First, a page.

5. Silver Threading says:

    I look forward to reading all the adventures from camping. ❤

  6. vivachange77 says:

    The camping journals are really interesting. I’m encouraging my former husband to start a blog but don’t have much hope he will. I know people would enjoy them. Thanks for your interest. We’ll see what happens. 🙂

  7. Enjoy your trip abroad and look forward to reading about your camping experiences.

    • vivachange77 says:

      Thanks for your comment. The trip abroad is the one you read about this summer that took place in 1972. My sons have never read about my and their dad’s travels so that’s why I’m making the booklet for them.

  8. Great, touching post, Vivachange! Deep of insights and emotions. Thanks for sharing it with us.

  9. Your post demonstrates great wisdom. Kind regards Kathy.

  10. Really enjoyed this post. “As I began to read I found myself in a minefield of exploding memories and emotions” is especially strong. You covered so much in this story, and the reader learns \more you and your husband. The camping, cooking, journals, and your storytelling is tender (not overly sentimental) and interesting. I liked what Janet said about connection and love being a “gift and a burden.” Bravo!

    • vivachange77 says:

      Thanks, Susan. I especially appreciate your comments on my writing. I’m testing the waters of the idea that love is “gift and burden” . I spent the night of Thanksgiving Eve (our new holiday tradition) with my oldest son and his family who live a few blocks from me. Every time I am with him and his wife we go deeper into being family. The texture of family love fills me with something akin to pain. I think it is brave of us to love so deeply as mother and son as I consider my eventual, inescapable mortality.

  11. Meredith says:

    Love is indeed a gift and a burden for many of us. I agree with Susan, the exploding memories sentence is exceptional. I want to have my blog printed and bound for my children and grandchildren.

  12. vivachange77 says:

    I am grateful for your comments, always. I do think printing out a blog for posterity is a lovely legacy.

  13. The only certainty in life is uncertainty. The one unchanging thing in life is change. It’s taken me a couple of decades to learn that trying to Control or even manage life’s events on a daily basis is fruitless. We don’t control the events that unfold around us or the gifts that God has given us, our unique talents. Beyond that, this Dude is learning to Abide.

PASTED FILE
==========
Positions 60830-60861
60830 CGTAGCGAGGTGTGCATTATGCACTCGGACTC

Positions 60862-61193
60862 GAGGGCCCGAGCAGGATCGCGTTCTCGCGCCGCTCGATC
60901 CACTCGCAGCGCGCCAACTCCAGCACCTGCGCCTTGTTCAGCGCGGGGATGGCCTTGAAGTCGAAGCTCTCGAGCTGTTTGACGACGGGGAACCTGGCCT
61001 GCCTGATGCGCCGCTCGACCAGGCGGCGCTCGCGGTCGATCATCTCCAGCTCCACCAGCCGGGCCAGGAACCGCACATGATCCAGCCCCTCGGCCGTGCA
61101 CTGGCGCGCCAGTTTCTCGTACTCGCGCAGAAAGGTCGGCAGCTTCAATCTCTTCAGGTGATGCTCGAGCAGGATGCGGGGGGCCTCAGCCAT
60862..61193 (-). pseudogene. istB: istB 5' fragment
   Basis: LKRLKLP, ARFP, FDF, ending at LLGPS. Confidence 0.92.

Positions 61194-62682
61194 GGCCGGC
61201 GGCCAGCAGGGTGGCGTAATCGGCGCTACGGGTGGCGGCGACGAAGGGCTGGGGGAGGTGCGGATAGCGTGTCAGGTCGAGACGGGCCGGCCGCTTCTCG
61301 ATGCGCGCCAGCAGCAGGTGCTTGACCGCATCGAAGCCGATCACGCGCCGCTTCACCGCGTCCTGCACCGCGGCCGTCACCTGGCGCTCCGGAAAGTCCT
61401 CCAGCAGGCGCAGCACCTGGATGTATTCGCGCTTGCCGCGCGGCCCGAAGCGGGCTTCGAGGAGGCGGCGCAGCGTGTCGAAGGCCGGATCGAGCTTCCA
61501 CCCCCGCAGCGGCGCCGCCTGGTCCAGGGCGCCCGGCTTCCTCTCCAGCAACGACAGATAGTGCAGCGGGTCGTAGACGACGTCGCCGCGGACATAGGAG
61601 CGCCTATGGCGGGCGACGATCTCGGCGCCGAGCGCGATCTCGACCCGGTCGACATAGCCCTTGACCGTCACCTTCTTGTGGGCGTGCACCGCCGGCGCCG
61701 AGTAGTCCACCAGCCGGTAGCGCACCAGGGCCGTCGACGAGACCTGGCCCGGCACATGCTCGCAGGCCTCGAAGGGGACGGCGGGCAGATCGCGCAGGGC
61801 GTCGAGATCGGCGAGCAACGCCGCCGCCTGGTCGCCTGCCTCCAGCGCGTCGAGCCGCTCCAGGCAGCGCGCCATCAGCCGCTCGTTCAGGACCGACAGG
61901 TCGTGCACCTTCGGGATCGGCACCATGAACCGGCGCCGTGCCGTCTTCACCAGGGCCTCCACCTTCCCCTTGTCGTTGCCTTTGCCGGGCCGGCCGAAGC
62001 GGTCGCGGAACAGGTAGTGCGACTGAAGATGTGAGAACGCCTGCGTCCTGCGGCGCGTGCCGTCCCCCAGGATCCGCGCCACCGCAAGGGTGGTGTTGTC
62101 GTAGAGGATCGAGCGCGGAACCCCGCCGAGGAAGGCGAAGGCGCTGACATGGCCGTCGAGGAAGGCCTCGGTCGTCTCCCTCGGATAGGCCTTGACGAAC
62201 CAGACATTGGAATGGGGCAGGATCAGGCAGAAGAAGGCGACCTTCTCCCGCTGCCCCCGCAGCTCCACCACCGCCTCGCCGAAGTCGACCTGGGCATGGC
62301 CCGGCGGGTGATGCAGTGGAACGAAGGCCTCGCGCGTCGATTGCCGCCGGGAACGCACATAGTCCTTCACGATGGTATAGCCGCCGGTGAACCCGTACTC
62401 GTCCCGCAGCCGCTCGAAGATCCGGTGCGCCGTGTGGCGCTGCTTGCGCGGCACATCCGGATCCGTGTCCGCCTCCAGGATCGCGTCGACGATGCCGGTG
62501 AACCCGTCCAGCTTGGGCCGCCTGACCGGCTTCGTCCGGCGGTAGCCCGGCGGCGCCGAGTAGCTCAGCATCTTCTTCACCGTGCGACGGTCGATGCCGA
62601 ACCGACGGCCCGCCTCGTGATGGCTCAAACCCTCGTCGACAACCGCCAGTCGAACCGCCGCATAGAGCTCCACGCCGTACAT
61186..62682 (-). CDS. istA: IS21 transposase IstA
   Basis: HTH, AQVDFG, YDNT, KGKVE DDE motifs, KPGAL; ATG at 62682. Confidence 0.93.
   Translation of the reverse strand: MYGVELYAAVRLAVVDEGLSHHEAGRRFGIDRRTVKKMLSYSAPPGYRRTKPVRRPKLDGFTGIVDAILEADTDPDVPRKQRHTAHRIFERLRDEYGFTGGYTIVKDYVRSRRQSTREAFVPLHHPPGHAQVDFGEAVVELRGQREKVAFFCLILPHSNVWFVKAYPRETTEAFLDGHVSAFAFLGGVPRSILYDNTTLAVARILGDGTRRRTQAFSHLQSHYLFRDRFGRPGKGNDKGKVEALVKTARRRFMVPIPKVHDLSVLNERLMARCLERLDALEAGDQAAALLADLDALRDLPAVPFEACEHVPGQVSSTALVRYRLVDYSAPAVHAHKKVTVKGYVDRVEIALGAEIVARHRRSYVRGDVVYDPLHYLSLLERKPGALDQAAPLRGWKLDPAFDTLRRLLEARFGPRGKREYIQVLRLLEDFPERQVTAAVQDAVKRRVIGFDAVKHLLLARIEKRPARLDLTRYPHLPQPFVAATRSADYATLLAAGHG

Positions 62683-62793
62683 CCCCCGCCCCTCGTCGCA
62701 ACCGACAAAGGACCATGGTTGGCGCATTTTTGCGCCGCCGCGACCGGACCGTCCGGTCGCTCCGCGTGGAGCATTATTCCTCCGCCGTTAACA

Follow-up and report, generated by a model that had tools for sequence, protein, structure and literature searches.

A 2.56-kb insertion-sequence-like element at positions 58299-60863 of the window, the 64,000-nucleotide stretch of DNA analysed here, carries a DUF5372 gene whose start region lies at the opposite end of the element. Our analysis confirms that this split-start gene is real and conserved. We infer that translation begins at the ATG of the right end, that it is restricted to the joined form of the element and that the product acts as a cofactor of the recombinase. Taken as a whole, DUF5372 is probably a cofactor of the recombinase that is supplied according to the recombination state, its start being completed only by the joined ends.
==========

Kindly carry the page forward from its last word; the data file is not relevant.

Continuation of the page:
We Do control the choices we make. Effort, Integrity and Love. How hard do we work and where do we focus our efforts? Work or family? Either way it’s key to keep a Balance.

    Integrity in all of its forms-being honest with others and true to ourselves. Dishonesty always comes at a cost, sooner or later.

    Love measured by how much we give. Who we give it to, how often, and the risks and sacrifices that we make in loving those around us. Love remains the Greatest of All.

  14. What a beautiful and insightful post. So many people are afraid of love. They close themselves off thinking they are being tough. Opening to the vulnerability of love is brave. But oh how we miss them when they are away.
    What a wonderful thing you are doing writing this story for your children. Thank you for such a lovely post.

  15. vivachange77 says:

    Thanks for your depth of understanding.

  16. kategresham says:

    Yes, love once present never goes away- just what I was trying to say in my comments about your Mexican post. And if we are able to be open to that love, without hurt to anyone, then that is healing and positive. I’ve been sitting with both these posts because they spoke of experiences I share in some ways and I’ve wanted to respond. To continue to be open to a friendship, for me, does cause pain sometimes, but I never want to cut off love. I love your project. Your grandchildren are blest with yourself as grandmother- wise and choosing to continue to grow and change. I look forward to your posts and getting to know you better. Aren’t blogs great?

  17. kategresham says:

    And yes, I am freer to love exes now I am no longer “with them”. No demands, no restrictions, no anxiety…does this say something about the expectations we have of marriage?

  18. Quite a sToRy.

    Why do we realize priceless things after the fact? Why do we not (choose to) SEE like this in marriage? But it’s precious you can finally merge. I think your kids and grandkids will be able to see of your (plural) journey what took you and him so long to.